The whereabouts of oil palm concessions are even harder to identify. The ministry has released a smattering of maps it has gathered from across the levels of government, but it lacks the full array; permits for oil palm come from local administrations, the Agriculture Ministry and the Agrarian and Spatial Planning Ministry.

A chunk of maps has come out through the Roundtable on Sustainable Palm Oil, a voluntary initiative that requires member companies to meet certain transparency standards, but not everyone has fulfilled their obligations.

“The spotlight has been on the Forestry Ministry, but the focus should also be on the Agriculture Ministry and the Agrarian Ministry,” Andika says.

To fill in the gaps, the WRI has contracted a Russian NGO, Transparent World, to map plantations using satellite imagery and ground checks. While still incomplete, the data is enabling the WRI to begin to divide the fires into four typologies, spanning those that occur in planted and non-planted areas, within and outside concessions.

Combined with other information, such as imagery from satellites that show how a fire is moving, these distinctions can shed light on what sort of actor is likely to have started a fire.

Villagers trying to extinguish a fire on peat land in southern Sumatra. Photo: EPA

Villagers trying to extinguish a fire on peat land in southern Sumatra. Photo: EPA

Incentives to burn

The satellites only reveal so much, but ground checks present their own obstacles, says Jacob Phelps, an environmental scientist who was affiliated with the Centre for International Forestry Research (CIFOR) in Indonesia until last month.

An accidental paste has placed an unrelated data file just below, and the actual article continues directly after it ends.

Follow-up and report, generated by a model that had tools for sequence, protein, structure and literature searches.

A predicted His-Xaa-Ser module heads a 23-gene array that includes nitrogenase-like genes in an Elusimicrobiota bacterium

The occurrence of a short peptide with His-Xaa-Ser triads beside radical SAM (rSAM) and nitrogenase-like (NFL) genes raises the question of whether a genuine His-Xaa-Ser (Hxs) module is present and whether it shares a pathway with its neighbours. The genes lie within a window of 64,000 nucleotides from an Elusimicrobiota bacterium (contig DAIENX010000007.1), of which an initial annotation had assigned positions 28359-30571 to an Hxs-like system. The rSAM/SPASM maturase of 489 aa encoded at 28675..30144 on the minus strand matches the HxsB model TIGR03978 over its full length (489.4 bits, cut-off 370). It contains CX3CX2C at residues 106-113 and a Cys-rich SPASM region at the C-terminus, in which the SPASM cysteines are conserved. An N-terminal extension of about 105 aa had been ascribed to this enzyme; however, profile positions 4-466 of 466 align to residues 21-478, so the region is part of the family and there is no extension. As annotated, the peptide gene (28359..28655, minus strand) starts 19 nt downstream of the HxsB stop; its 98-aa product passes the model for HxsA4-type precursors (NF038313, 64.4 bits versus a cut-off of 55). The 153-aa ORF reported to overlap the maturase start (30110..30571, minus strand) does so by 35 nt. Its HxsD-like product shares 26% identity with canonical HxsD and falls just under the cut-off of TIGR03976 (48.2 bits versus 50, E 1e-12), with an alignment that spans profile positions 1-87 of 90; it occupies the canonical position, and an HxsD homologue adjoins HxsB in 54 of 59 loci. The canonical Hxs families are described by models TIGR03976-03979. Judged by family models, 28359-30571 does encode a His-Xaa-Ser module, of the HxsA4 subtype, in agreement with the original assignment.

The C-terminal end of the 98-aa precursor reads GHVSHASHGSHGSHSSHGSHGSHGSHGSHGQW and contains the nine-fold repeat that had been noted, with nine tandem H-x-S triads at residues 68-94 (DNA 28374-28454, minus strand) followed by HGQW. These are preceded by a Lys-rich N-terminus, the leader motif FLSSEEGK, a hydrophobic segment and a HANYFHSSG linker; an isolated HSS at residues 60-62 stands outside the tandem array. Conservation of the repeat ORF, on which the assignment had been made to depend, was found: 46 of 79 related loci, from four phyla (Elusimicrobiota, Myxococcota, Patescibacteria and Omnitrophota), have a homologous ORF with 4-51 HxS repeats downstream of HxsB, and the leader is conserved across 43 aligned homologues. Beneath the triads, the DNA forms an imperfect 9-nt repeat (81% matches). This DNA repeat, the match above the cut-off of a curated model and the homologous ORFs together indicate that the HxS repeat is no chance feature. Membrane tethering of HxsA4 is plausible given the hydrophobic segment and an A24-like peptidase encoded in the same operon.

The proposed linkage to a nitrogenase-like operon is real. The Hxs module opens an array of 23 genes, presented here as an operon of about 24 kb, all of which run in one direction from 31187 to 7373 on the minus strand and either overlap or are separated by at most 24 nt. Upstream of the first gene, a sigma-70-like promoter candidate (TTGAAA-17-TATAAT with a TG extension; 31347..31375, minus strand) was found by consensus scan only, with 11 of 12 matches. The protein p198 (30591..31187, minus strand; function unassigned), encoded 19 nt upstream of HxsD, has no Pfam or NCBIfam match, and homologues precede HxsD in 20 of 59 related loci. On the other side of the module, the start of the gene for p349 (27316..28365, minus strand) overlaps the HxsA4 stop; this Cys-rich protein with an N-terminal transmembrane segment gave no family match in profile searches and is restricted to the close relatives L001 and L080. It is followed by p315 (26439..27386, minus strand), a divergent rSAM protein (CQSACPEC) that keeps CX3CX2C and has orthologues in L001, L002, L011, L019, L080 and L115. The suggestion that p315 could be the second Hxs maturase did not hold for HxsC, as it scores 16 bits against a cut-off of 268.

As part of a project looking into the fires’ underlying causes, Phelps and his colleagues identified nine of the biggest blazes and tried to figure out what types of actors might have been behind them.

In many parts of the world, farmers live near their fields, so the researchers started by searching for residents within three kilometres of the hotspots. But they often found the area uninhabited. So they expanded their radius to seven kilometres. Still nothing.

“The point is, the idea that we can go out and have really reliable fire attribution is – well, it’s not an easy process,” says Phelps.

Afdhal Mahyuddin, a Riau-based researcher for WWF-Indonesia who monitors fires through hotspot analysis and ground checking as part of the Eyes on the Forest programme, says companies as well as smallholders have strong incentives to burn.

“Companies need to save costs for improving pH balance of peatlands, getting plantation fertiliser cheaply, avoiding excavators use, so burning is a very good option,” Afdhal says. “And don’t ignore that for many years, rumour that companies can get easy money from insurance of their land. This also needs to be investigated.”

Encroachment is often related to organised crime and backed by significant capital, he adds. “They target abandoned concessions, conservation areas, disputed land, so they get the benefit of the doubt. So it is complex, but I believe that companies starting fires are highly responsible because the burned areas are the same over many years. The economic motive cannot be ignored.”

CIFOR director-general Peter Holmgren says the actors behind the fires come from different segments of society. They are large and small, on-site and off-site. Sometimes the authorities are involved. Getting more specific is tricky.

“Figuring out what one particular hotspot actually indicates, what the activities on the ground have been and are, who are doing it on the ground, who is carrying out the investment behind that land conversion, and why aren’t the authorities more active in dealing with that particular fire, is a very tedious investigation,” says Holmgren.

Unless there is a serious attempt at prosecution and possibly also propaganda to deal with these underlying investment drives, as well as an effort to strengthen spatial planning and improve management of peatlands, which are like a tinderbox when drained to plant crops like oil palm, he added, the fires will likely continue to recur. – Mongabay